What Does Your Weekly Grocery Haul Look Like?

I was listening to a podcast the other day and heard that some photographer had taken some pictures of what a week’s worth of groceries looks like for various families from around the globe.

After some Googling I found what this person was referring to. The photographer’s name is Peter Menzel and he actually turned the photographs into a book called Hungry Planet.

Luckily you don’t need to buy his book to see the pictures he took, he has posted them all in a gallery on his website.

I really encourage you to look at all 40 pictures, some of them are truly eye opening. You will notice just based on the pictures that the book is several years old now. It was originally published in 2007, and most of the pictures were taken in 2005 (according to copyright information). While it might not be the most up to date representation, it’s still insightful nonetheless.

One of the first things I noticed was the differences even within the same country. For example, Peter captures ta weeks worth of groceries from families in California, Texas, and North Carolina.

But when we start to look across the globe, we see even bigger differences. Here are some of the ones that stood out to me.








Chad and Sudan stand out amongst the rest due to the lack of food. It is really illustrative of how different the availability of food is. It makes me feel quite grateful to have the availability of healthy nutritious food and plenty of it.

The other photos in that list, including the ones from the US, stand out either due to the amount of processed food or lack of processed food. In these pictures you either see an abundance of processed foods and little whole foods or the complete opposite, a lot of whole foods and a sprinkling of processed foods.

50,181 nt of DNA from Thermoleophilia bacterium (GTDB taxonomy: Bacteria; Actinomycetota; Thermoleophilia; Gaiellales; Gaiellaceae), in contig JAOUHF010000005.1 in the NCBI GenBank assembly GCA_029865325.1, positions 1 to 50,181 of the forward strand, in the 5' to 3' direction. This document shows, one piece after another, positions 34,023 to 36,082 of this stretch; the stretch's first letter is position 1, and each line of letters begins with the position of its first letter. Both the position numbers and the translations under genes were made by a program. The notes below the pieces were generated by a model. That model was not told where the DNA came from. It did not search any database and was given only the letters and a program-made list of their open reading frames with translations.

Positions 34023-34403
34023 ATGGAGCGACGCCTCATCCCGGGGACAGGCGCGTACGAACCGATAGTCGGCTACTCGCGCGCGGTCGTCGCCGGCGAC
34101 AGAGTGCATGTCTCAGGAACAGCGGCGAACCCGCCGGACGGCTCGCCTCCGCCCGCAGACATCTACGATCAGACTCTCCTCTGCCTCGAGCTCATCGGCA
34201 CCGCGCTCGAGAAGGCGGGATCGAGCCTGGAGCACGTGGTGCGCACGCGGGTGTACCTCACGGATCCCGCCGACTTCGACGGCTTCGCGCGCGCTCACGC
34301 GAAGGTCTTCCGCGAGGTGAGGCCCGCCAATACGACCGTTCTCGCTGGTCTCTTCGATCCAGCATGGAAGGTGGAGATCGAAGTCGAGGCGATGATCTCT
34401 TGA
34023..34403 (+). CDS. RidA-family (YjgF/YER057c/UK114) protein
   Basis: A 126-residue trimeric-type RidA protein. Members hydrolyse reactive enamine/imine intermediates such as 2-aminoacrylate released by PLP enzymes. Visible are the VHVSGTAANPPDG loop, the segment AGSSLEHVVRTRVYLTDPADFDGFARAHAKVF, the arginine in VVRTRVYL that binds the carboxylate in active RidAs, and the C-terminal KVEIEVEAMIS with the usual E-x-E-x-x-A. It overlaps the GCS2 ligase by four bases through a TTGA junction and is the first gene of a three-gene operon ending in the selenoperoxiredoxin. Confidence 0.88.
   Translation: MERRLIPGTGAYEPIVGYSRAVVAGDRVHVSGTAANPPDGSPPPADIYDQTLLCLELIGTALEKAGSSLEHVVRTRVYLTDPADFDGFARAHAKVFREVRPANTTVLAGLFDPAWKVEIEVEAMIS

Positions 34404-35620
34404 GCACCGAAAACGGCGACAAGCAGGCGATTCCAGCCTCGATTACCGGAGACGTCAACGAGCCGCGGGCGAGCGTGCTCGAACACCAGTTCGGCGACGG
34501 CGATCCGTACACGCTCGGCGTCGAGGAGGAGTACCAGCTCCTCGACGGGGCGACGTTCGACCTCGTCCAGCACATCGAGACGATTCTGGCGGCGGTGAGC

There is something about the picture from Mexico that really strikes me. There is actually a lot of whole foods on the tables, but then there are twelve two liter bottles of coke lining the back of the table…that are consumed by the 2 adults and 3 small kids in 7 days.

The biggest problem with processed foods has nothing to do with the fats, carbs, types of oils used, sweeteners, artificial ingredients or anything else. It’s the calories per gram, the lack of protein, and lack of nutrients.

These three things combine to form the perfect storm of ill health.

You eat the Snickers bar, it tastes great and initially you feel good. You get a nice spike of energy, but a little while later that all fades, you feel lethargic, maybe your stomach is upset, and worst of all YOU ARE HUNGRY AGAIN!

How can that be? That snickers bar contained A LOT of calories, especially considering its size!

The answer lies in what it doesn’t contain more than what it does contain, it has no fiber, no nutrients, little protein, and it takes up very little room in your stomach!

On top of that, it could have caused a big blood sugar crash, which is viewed as an energy crisis to your body.

So your body is not concerned about the massive amount of calories it just consumed, it cares about the things it needs to survive, namely protein and essential nutrients. Now it also has to deal with your blood sugar dropping rapidly, which is literally a life threatening situation.

Your brain is telling you that you need to solve this situation and fast so you turn to more processed foods because they are easy, quick, and they fit the bill in this moment of crisis.

This cycle then repeats over and over again.

Let’s look at what happens when this cycle repeats itself over the course of several decades.

I came across a recent study looking at the correlation between processed food intake and cancer [1]. While the connection between processed food intake and cancer may be interesting, what caught my attention from this study was the relationship between how much processed food was consumed by people and and markers of health and certain lifestyle factors